It is important to note that what is being asked of Uniqlo is not new or unusual. In fact many of Uniqlo’s competitors have agreed to contribute to the payment of severance claims in cases where a supplier went bankrupt. Nike, adidas, Disney, Fruit of the Loom, Hanesbrands, H&M, Walmart, and Jack Wolfskin have all taken active steps in previous cases to ensure that workers received compensation they were owed. These buyers either directly provided the funds owed to workers themselves, or pressed their supply chain partners (factory owners, buying agents, etc.) to do so, so that the workers received the sums that they were due under law.

 

Why Uniqlo’s response has been inadequate

 

In its statement, Uniqlo claims that “the company has offered to work with the relevant parties to facilitate re-employment for any workers who remain unemployed.” We consider this to be a misleading statement that does not reflect the facts.

In June 2017, Uniqlo did request ILO Better Work’s Indonesia office to host a meeting between Uniqlo staff and representatives of the two unions representing Jaba Garmindo workers. The meeting was supposed to be the beginning of a process where a negotiated agreement could be developed that would address the violations raised by the union. In the meeting, Uniqlo made clear that in fact it had no intention of negotiating, but was there merely to collect and share information. They agreed that a follow-up meeting would be held where next steps forward would be discussed.

The promised second meeting never materialized, despite numerous requests from the union for a date to be identified. Instead, Uniqlo sent a single email to the union stating that:

We are considering whether there is any reasonable action we might take to help facilitate their re-employment. To help us evaluate what’s possible, we hope you may be able to share with us some additional detail about the situation for these specific workers.

The union considered this response to be inadequate on a number of levels. Firstly, the proposal does nothing to address the actual violation that the workers are seeking remedy for. Even if such a re-employment scheme would be feasible—and previous experience in these cases suggests it would not—workers would still be owed $5.5 million. It is important to reiterate: what is being requested of Uniqlo is not humanitarian assistance, but rather action to rectify a violation of rights. The Jaba Garmindo workers do not want charity; they want respect and to finally receive the money that is owed to them for making Uniqlo clothes.

Secondly, it is doubtful that even if a re-employment scheme were to go ahead that Uniqlo would be able to find work for 2000 workers at supplier factories based within a reasonable distance of where the workers live. It is also unclear whether Uniqlo intends to compel their suppliers to employ workers who are, on the whole, older and who are now known to be ex-Jaba Garmindo workers. Previous attempts to set up alternative re-employment schemes in Indonesia and Bangladesh have ended up as glorified job fairs, with workers merely being provided with a list of local factories where they might inquire.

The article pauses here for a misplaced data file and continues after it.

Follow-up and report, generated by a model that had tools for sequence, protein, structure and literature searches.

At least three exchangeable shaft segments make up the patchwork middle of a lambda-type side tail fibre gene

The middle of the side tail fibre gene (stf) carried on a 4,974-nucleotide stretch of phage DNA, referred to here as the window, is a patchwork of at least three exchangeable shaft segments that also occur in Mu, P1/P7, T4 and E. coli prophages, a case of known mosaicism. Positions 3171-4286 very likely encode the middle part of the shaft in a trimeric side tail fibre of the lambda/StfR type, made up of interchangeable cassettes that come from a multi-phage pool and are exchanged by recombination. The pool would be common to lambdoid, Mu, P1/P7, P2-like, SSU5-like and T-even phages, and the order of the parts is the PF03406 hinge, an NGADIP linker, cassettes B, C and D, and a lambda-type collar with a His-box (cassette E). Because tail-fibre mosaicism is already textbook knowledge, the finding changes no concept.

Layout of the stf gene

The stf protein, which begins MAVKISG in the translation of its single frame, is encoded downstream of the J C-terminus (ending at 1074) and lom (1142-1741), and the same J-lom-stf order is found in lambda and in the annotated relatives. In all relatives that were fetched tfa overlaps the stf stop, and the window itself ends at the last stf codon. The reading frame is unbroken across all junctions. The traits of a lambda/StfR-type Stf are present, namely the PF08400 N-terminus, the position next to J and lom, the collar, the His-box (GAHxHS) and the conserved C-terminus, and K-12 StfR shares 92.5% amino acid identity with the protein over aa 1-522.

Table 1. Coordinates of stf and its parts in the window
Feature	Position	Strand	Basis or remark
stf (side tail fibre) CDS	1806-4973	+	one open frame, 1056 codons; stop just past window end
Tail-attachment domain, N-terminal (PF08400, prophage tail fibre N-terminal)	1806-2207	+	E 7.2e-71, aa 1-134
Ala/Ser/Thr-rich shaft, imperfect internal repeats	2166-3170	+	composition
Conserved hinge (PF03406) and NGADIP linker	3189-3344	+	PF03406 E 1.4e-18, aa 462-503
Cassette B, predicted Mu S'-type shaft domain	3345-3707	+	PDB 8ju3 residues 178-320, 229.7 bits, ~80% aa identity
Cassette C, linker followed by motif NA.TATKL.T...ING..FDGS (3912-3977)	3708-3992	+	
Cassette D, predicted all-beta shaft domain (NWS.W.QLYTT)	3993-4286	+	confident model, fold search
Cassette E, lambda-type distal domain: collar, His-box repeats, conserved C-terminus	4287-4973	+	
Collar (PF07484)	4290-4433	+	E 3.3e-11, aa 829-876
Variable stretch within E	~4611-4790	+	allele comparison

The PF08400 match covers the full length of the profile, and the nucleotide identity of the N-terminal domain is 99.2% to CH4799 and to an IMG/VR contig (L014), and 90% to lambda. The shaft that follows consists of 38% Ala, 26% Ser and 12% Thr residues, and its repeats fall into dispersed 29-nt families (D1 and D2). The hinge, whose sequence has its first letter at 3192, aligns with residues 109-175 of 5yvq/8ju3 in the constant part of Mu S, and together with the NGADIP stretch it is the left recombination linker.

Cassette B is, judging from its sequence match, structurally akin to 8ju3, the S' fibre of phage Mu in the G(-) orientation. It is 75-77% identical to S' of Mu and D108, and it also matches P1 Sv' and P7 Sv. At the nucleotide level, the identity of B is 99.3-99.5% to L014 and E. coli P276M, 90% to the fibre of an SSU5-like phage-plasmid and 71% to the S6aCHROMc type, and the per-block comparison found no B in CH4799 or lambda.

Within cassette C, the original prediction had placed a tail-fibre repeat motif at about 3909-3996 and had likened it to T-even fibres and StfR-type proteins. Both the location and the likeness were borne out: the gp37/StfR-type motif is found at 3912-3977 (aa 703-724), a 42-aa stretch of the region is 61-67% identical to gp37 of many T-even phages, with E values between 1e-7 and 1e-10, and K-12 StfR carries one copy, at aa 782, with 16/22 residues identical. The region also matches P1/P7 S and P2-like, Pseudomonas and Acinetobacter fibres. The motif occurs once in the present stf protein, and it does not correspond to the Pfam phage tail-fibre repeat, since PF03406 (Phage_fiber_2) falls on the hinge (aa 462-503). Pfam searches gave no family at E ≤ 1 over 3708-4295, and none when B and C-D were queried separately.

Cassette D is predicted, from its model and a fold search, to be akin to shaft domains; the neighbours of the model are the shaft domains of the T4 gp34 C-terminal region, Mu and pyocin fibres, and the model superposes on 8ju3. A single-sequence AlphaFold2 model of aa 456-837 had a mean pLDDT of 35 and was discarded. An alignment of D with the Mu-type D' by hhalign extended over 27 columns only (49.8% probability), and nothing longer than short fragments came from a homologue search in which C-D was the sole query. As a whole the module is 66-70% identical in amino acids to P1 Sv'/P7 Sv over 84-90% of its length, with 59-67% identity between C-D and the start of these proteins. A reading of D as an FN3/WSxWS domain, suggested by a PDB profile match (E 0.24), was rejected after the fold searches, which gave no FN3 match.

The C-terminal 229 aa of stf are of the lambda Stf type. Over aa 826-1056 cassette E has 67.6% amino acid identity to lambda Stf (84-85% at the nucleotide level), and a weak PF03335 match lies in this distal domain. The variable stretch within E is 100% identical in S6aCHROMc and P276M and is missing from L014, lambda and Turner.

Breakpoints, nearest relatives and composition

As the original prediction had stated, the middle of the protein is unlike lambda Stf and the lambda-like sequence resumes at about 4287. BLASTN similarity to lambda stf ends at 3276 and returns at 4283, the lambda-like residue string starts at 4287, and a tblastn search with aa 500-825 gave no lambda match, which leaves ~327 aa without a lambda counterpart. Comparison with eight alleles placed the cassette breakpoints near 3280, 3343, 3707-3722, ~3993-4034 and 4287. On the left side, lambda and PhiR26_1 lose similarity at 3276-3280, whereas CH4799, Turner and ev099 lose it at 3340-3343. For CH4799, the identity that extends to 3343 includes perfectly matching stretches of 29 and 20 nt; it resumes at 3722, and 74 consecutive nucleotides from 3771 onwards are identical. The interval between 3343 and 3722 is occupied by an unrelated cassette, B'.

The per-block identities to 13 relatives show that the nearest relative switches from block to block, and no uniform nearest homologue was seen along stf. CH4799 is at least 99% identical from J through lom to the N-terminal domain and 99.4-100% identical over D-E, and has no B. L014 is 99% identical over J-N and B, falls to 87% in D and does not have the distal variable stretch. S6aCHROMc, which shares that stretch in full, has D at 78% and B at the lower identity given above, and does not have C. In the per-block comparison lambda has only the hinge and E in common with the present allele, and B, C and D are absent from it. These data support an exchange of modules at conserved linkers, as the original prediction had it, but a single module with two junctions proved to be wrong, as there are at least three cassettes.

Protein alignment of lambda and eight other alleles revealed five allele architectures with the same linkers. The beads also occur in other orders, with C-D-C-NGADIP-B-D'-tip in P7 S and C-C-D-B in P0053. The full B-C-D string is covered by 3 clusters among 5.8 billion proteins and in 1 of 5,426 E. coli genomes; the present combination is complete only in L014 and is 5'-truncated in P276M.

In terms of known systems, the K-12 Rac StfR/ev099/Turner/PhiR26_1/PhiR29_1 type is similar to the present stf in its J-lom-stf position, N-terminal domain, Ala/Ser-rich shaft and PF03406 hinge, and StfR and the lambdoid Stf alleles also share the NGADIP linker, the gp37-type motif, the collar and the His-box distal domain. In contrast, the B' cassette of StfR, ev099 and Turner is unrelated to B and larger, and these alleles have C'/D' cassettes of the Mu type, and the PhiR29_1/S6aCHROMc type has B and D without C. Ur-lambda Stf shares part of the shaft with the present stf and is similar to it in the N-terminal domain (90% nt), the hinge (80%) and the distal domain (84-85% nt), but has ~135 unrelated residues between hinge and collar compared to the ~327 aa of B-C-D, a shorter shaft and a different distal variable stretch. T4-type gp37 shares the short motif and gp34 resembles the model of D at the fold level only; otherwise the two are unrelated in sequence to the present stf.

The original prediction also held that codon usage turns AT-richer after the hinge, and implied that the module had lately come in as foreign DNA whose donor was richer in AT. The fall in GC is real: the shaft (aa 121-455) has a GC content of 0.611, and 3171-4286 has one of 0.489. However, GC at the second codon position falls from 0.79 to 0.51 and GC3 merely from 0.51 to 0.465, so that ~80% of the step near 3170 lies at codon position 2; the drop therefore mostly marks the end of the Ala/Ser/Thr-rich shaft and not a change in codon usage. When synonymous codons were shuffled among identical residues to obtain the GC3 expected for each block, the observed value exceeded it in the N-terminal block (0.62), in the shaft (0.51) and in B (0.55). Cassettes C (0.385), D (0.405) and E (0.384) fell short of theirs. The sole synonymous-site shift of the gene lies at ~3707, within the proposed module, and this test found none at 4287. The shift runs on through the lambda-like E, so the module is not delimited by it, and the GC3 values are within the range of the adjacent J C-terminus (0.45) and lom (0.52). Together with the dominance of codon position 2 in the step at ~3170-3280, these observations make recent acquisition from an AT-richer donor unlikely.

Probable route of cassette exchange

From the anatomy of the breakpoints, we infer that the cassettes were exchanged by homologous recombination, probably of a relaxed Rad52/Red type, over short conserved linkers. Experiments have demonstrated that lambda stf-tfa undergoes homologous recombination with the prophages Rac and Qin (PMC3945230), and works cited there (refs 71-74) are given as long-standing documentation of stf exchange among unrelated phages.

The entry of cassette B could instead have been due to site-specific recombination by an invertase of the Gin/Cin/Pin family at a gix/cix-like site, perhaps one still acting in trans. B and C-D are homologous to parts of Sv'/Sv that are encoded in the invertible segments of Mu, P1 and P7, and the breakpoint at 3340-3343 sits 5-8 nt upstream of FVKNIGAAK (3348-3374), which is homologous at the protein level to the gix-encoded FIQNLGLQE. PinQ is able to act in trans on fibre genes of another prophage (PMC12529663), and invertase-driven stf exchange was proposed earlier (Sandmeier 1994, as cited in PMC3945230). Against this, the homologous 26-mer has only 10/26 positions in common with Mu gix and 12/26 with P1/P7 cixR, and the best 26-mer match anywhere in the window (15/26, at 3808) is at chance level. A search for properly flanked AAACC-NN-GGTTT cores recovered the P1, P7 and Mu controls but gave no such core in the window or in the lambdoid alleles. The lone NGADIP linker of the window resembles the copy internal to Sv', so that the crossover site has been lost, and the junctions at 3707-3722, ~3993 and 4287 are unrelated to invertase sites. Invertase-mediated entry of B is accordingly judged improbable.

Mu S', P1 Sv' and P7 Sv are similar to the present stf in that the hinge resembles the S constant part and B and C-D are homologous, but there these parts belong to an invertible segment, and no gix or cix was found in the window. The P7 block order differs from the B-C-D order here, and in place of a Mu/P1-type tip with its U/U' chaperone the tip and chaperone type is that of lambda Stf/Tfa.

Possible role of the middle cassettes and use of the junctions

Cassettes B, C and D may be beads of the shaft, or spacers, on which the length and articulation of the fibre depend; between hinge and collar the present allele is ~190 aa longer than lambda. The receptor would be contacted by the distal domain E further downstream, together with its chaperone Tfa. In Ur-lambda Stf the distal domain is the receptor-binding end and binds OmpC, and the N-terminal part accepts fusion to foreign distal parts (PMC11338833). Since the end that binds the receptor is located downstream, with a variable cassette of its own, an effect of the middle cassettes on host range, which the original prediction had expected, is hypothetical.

Jaba Garmindo workers are not unemployed because they don’t know how to look for work. They are unemployed because of the illegal closure of their factory, lack of local alternative employment, and structural discrimination against workers who are older or who have dared to stand up for their rights.

Thirdly, despite outlining their concerns with Uniqlo’s proposal, the union responded in October 2017 to ask for further clarification and, again, another meeting. Since that date, Uniqlo has refused to respond to their emails.

Uniqlo also claim that “Fast Retailing is currently leading talks with stakeholders across its industry about methods that might protect apparel industry workers from similar scenarios in the future.”

It is of course important for companies to learn lessons from past mistakes, and to use those lessons to push the industry to make the necessary changes. Uniqlo is somewhat vague in explaining exactly which stakeholders are involved in these talks. As a global network actively working in this field, we have been unable to identify who are involved in such conversations and where and when they are taking place. However, even if Uniqlo is genuinely taking work forward on this issue, it is not enough to simply learn from mistakes and move on. Those who continue to suffer from Uniqlo’s failures cannot simply be swept under the carpet and forgotten as collateral damage.

Jaba Garmindo workers will not be made whole unless Uniqlo steps up and uses their power and resources to ensure Jaba Garmindo workers are finally paid the money they are owed. To date Uniqlo’s disappointing response, full of old fashioned arguments debunked long ago, vague promises of change and tokenistic promises of charity sets them as a company far removed from the influential cutting edge brand as Uniqlo professes to be.